From Black Brazil to the Black America: The Importance of Transnational Solidarity

By Kristian Davis Bailey

 

Last December, I visited Brazil for the first time to attend the Transregional Summit: The Arab Spring Meets Black Lives Matter conference at the Federal Fluminense University  (UFF) outside Rio de Janeiro. It was designed to put Black Lives Matter in conversation with Arab activists from Egypt and Palestine, and social movements in Rio de Janeiro.

During the conference, I met Black students who were in the middle of a three-month occupation of a university building that they wanted to establish as a Black community center.

We were all in awe of each other: to meet people who had been stolen from the same land and forced through similar experiences of slavery and modern-day discrimination was like having a reunion with long-lost family. Even without speaking the same language, we immediately knew and understood each other.

At first, we sat together for an hour talking in English and Portuguese about the state of Black people in Brazil and the US. I wound up spending almost a week living with the students inside their occupation, called Quilombo. (Quilombos were historically a refuge for runaway slaves in Brazil.)

During that time, the students recorded short greetings to their Black family in the US.  They were stories of solidarity, struggle, and diasporic connection. They were stories much like those we tell here in the United States.

 

 

“We came from the same place, our ancestors went through many of the same things in every place where the African diaspora exists,” said Luiza, one of the students.  “Unfortunately what unites us is racism, that’s what happens, and our struggles connect us in some way.”

She then spoke of the need for places like the Quilombo. “Being together in a place where Black people can speak openly and discuss our issues is very important for us to stay strong in this fight.”

Matheus, another student, said that it’s important for Black people to organize and connect locally and across borders.

“We need to unite, fight nationally in each place, and try to build something together for our ancestry and for us.”

The students said they know a lot about what happens to Black people in the US, but feel that we don’t know much about what’s happening to them — or that they even exist.

Contrary to the image Brazil puts out about itself, the majority of Brazilians are lighter-skinned Black or Afro-descendant (there are issues of internalized anti-Blackness with many Brazilians claiming to be ‘mixed’ rather than Black or denying Afro-heritage at all).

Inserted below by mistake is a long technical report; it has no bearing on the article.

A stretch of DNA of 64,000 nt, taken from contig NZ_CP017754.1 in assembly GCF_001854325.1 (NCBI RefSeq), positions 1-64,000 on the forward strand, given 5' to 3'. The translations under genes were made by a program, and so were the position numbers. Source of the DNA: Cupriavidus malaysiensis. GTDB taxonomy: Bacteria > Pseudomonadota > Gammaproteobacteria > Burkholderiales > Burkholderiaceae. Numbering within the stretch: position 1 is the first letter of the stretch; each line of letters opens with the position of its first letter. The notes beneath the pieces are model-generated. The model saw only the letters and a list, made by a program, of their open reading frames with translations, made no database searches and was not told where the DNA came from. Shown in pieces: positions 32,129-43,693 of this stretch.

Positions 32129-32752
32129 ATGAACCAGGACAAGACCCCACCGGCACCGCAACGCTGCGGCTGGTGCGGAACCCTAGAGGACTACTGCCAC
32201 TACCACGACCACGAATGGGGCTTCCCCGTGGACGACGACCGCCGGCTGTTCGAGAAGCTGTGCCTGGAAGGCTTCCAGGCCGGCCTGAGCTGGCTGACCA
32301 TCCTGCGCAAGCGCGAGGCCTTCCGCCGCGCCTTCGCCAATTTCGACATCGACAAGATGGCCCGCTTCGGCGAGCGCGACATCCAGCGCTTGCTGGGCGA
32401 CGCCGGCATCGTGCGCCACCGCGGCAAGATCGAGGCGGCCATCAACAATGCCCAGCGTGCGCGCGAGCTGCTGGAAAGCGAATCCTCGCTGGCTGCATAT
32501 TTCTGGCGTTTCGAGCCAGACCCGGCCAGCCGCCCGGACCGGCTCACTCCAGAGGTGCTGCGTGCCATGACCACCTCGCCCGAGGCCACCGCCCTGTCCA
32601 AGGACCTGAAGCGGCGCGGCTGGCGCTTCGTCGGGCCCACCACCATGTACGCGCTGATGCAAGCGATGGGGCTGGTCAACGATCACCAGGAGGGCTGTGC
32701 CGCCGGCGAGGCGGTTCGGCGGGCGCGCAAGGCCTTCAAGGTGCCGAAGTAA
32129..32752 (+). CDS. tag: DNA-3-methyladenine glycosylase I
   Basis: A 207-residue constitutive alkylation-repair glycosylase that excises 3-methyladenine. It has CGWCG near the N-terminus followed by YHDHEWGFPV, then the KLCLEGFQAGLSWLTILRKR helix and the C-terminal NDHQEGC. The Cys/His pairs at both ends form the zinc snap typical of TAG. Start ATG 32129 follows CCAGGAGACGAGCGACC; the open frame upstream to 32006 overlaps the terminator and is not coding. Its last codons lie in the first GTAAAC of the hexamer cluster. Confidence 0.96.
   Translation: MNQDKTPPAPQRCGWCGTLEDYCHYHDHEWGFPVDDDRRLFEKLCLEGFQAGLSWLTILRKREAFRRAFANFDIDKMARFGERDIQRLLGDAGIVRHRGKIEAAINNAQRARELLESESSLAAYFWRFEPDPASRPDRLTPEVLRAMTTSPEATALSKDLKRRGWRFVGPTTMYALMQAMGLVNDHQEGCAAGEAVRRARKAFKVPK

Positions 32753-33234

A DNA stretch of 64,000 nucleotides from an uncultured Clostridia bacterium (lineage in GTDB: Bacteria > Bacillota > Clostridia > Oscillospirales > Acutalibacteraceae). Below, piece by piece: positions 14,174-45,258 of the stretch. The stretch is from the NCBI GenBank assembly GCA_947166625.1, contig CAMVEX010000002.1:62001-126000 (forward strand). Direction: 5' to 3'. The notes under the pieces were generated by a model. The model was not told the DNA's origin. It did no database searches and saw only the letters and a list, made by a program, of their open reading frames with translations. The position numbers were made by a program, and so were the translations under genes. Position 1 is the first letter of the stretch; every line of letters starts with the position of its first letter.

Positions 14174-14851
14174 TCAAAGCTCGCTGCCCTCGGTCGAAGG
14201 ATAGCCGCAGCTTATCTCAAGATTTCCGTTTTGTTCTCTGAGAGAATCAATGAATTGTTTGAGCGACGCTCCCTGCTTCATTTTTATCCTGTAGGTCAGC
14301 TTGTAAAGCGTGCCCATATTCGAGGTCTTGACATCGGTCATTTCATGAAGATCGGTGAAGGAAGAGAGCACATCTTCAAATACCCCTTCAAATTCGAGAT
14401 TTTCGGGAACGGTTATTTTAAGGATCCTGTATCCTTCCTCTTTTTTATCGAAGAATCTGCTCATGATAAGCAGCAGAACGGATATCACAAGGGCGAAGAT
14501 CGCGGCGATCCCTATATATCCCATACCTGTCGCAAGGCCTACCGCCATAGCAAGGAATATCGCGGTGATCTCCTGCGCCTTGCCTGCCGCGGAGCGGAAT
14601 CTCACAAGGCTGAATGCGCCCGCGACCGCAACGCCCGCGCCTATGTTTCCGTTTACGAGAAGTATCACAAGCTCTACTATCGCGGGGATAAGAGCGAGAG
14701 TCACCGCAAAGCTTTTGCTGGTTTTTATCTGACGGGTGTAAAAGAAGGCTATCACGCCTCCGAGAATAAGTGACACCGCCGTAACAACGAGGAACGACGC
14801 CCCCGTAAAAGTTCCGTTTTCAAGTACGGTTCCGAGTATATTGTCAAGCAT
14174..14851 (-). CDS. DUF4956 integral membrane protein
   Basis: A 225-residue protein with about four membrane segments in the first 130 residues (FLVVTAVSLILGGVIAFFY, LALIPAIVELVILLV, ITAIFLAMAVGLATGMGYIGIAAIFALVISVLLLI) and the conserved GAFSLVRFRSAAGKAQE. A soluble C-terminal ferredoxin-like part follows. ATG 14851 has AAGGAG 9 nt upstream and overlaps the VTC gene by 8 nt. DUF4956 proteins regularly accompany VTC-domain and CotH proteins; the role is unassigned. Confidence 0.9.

Yet, history shows that Brazil imported the highest number of Africans during the transatlantic slave trade and today has the largest Afro-descendant population outside of Africa.

The students also said they’re disconnected from what’s happening to Black and Afro-descendant people in the rest of Latin America and the Caribbean.

We are trying to get rid of the hegemonic belief that we can only have conversations with American people or Europeans—we want to talk with other people who are around us,” the students said. “We know so many things about the US and we don’t know anything about the situation in Africa or the Global South in general.”

Black people and nations are among the poorest across the Americas.  And our demands look very similar across borders, whether in Brazil, Colombia or the US. They include struggling against police murder and violence, fighting for better living conditions and health environments, and petitioning governments and community leaders for resources for our collective education and empowerment.

These transnational similarities  are the direct result of centuries of enslavement, discrimination, exploitation, and colonialism.

Therefore, as we organize towards our liberation at home, it’s always important to know that our struggle is not just a domestic one or one about “civil rights.” The nature of our oppression already unites us globally, but it’s time for our movements to return to the internationalism and Pan-Africanism of the 60s and intentionally connect.

 

Kristian Davis Bailey is a freelance writer and organizer based in Detroit, where he is a member of BYP100 and Black4Palestine. His work focuses on building internationalist consciousness and connections between social movements.